Normally quiet streets around U.S. state capitol buildings have looked more like battlegrounds recently, putting those who live and work there on edge and instilling a sense of foreboding
More than most people, these Americans will have front-row seats on whether the change of leadership Wednesday in the White House will lead to a lessening of tension that has been afflicting the nation. They'll be watching what the next chapter brings from storefronts and the porches and stoops of their own homes.
Some expect Joe Biden to bring a unifying tone when he's inaugurated as president on Wednesday, but say that alone won't be enough to bring unity. How the people react will be key.
Jonathan Jones' front-row seat to what happens next is his restaurant that is decorated with Black Lives Matter signs and art near the Oregon State Capitol. Epilogue Kitchen and Cocktails has been vandalized by a white supremacist. One day, police showed up as Jones and his friends were being accosted by neo-fascist Proud Boys. The police at first confronted Jones' group as if they were the threat.
“There’s not a person who stood with me that day who didn’t think that they might die,” Jones said. “And the most awful part was not knowing if it was going to come from the police or from the Proud Boys."
Jones plans on listening to Biden's inaugural address.
“I hope that he does not call for unity with neo-fascists, because there cannot be unity with people who want to see me dead,” Jones said.
In Washington state, a neighborhood next to the Capitol in Olympia boasts mid-century and 100-year-old homes. On normal days, the tranquil scene is one that Normal Rockwell could have depicted in idyllic portraits of American life, residents say.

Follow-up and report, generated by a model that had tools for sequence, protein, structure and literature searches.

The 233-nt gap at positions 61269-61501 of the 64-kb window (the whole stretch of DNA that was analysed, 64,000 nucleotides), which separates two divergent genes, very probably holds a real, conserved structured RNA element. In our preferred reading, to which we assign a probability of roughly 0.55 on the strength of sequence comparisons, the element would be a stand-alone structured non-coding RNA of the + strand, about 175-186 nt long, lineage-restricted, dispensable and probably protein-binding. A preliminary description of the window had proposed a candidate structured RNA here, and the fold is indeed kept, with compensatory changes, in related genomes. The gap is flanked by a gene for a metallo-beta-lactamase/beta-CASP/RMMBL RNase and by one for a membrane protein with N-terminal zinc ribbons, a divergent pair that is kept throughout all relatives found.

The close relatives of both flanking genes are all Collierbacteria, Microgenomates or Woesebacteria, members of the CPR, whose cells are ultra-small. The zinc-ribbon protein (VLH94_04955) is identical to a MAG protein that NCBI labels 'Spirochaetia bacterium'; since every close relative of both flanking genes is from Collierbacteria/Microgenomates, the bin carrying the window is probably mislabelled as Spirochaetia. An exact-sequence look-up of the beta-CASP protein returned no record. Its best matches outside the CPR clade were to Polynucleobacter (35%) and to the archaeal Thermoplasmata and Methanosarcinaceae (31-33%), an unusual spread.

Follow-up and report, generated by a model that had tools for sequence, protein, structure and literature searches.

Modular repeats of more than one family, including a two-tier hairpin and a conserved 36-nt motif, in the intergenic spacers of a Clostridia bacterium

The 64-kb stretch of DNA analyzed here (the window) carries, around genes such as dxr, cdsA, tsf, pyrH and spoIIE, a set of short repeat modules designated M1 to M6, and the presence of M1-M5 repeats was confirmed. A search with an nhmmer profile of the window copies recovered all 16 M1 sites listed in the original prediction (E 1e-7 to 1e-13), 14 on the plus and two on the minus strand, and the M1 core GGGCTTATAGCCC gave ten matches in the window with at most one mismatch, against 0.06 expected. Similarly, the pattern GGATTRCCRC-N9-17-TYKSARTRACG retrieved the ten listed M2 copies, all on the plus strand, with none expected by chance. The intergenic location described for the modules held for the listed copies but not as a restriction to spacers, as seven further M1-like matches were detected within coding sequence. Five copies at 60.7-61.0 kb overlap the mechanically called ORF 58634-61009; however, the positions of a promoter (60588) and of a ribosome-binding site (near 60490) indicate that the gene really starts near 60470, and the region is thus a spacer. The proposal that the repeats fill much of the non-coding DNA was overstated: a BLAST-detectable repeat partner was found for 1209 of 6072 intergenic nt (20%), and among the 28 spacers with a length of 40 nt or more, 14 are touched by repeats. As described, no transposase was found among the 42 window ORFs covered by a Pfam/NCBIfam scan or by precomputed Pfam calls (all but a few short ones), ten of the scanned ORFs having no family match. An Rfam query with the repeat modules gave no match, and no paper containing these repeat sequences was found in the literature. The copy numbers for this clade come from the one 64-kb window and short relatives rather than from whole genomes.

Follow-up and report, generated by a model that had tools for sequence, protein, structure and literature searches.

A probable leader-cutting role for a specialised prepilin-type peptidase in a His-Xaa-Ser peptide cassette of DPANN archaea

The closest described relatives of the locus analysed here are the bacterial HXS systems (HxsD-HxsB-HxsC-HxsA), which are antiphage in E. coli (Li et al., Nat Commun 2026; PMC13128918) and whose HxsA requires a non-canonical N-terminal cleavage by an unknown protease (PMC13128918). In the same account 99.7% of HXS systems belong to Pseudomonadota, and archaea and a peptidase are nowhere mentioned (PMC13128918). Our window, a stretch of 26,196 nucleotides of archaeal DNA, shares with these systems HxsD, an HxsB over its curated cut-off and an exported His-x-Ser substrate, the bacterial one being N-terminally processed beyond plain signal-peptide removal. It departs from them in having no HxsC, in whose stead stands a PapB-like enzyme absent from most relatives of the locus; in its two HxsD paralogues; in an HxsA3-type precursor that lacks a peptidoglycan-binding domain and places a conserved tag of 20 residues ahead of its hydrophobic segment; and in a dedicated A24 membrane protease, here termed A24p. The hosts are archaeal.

"It’s a very charming, calm, nice place to walk a dog and chat with the neighbors on the porch,” one woman said.
But normal days are now a memory. In recent weeks, frequent protests involving people in tactical gear and armed with guns have created a climate of fear. People shout into megaphones, loud trucks drive down narrow streets, residents are called names or harassed, media helicopters and police planes fly overhead.
“There’s no retreat, because it’s your house, it’s where you live. It’s been a little jolting, and exhausting,” said the woman, who is so afraid for the safety of herself and her family that she spoke to a reporter only on condition she not be identified.
She said she is optimistic that Biden and Vice President-elect Kamala Harris will be able to accomplish many things.
“But I’m not sure that will change the real divisions we’ve all seen,” she said. ”People are behaving so differently, openly, that I don’t know — moving forward as a country — if we’ll be able to find each other again.”
Brian Henderson, minister of First Baptist Church of Denver that sits across an avenue from the shuttered Colorado Capitol, was so close to the upheavals of 2020 that he was struck in the left knee with a pepper ball. Henderson had been handing out water from the front steps of his small brick church as thousands battled police during riots over George Floyd’s killing.